The signing has created some confusion over the approach of John W. Henry and Tom Werner, Liverpool’s new owners. Their arrival in October was greeted with the belief that they would bring Moneyball to football; signing players from cost-effective markets (see rule 4) based on statistical analysis to avoid issues from rule 7. The latter rule claims that scouts and experts can be influenced subconsciously by factors other than talent when judging players, such as noticing a player more on a pitch because of the colour of his hair. Comolli’s appointment, given his fascination with statistics, only supported the idea that FSG were targeting a numbers-based approach.

The Andy Carroll signing has blown this belief out of the water, but Paul Tomkins points out on Twitter a quote from Henry’s book on the Red Sox:

“Fill holes at above market prices when necessary” – part of John W Henry‘s strategy according to book “How the Boston Red Sox Got Smart…”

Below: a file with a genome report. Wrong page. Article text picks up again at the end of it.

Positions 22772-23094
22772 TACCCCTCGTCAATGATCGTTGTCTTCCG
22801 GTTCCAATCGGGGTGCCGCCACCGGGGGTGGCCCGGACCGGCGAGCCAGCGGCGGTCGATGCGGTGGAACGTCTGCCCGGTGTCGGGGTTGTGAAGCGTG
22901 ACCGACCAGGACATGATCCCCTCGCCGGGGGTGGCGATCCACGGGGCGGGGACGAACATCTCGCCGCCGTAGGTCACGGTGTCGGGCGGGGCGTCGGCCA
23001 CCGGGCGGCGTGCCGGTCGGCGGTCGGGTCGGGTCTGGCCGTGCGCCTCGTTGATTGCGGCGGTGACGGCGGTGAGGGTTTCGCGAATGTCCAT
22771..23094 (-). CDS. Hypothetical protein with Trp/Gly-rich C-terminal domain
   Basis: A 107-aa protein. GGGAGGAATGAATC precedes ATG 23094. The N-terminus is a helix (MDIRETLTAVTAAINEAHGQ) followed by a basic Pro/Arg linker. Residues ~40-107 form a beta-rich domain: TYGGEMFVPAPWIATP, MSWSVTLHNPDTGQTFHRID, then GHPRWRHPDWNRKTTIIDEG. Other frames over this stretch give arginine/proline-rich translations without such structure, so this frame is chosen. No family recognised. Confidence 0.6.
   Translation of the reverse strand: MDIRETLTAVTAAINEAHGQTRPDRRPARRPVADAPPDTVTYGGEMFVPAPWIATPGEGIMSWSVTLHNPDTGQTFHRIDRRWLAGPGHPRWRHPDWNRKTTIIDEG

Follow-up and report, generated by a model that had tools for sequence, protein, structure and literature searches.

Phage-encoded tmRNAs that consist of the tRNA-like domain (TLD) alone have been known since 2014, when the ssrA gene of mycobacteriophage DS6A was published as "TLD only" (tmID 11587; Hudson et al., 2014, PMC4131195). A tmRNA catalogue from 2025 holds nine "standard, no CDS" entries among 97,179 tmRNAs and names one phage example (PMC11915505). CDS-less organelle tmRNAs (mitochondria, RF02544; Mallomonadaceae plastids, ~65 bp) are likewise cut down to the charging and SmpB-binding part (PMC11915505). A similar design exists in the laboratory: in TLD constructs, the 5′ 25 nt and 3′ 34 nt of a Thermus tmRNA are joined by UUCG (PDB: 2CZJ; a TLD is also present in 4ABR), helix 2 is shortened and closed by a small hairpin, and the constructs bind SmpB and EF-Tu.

This was validated by Liverpool and Red Sox fan Paul Valentine in reply:

True, they paid $51m just for the bidding rights for Japan pitcher Dice-K in 06. Not afraid to splash cash when they need to

Clearly Moneyball in football is not at the forefront of their thinking for the time being, and the owners have made a statement that they can compete with Chelsea, Spurs and Manchester United (but perhaps not Man City) when it comes to signing players.

Back to Carroll, and one comparison that was made throughout the day was to David Villa, the World Cup winner and world-class striker that cost Barcelona in the region of £34 million in the summer. The comparison was of course that of value-for-money, for which there is no argument for Carroll; Villa definitely fits the bill of a £30m+ striker whereas Carroll’s value would be much closer to the £10m mark.